Spray Foam Insulation vs. Fiberglass Cost Comparison
We tend to focus on cost when considering investing in any home improvement upgrade. In addition to how much the project costs, you’ll also want to get an idea of how much money it may save you every month—for example, by lowering your energy bill—as well as how much value it will add to your home. You can get a comprehensive idea of how much you are willing to spend and what the return on your investment may be.
When installing insulation, you can bet that you will always enjoy a favorable return on investment. However, certain types of insulation may be more financially beneficial than others. Two of the most popular types of insulation in homes are spray foam insulation and fiberglass insulation. To determine which option is the best financial investment for your home, consult this thorough spray foam insulation vs. fiberglass cost comparison.
What Are Spray Foam Insulation and Fiberglass Insulation?
Before we talk about the costs of each of these popular insulation options, it is important to have a general idea of what they are.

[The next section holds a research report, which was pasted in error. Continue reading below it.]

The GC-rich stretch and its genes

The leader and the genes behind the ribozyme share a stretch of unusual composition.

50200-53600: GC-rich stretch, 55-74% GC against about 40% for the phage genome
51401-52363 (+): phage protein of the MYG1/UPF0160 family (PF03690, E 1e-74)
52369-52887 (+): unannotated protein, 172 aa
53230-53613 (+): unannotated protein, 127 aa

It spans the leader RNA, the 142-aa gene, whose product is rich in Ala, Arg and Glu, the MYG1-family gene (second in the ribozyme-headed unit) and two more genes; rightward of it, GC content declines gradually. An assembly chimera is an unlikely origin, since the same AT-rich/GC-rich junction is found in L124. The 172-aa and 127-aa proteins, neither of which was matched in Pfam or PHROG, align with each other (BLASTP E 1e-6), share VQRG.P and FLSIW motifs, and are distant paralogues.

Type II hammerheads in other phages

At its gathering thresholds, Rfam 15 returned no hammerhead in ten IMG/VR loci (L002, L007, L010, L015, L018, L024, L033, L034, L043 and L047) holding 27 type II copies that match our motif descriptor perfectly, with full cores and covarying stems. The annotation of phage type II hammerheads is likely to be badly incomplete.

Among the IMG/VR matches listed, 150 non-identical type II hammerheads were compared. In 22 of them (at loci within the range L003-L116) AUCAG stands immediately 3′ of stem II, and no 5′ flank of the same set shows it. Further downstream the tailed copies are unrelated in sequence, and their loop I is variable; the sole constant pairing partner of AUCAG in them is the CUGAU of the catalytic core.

What Is Spray Foam Insulation?
Spray foam insulation is composed of polyol resin and a form of isocyanate, which both undergo a chemical reaction and expand when sprayed onto a surface. Upon being sprayed, the foam will quickly harden in a few seconds to form an airtight seal. There are two main types of spray foam insulation:
- Closed-Cell Spray Foam Insulation: Closed-cell spray foam insulation is composed of cells that are completely closed and pressed together. It has an extremely high density.
- Open-Cell Spray Foam Insulation: Open-cell spray foam insulation is composed of cells that are not completely encapsulated and are instead intentionally left open.
What Is Fiberglass Insulation?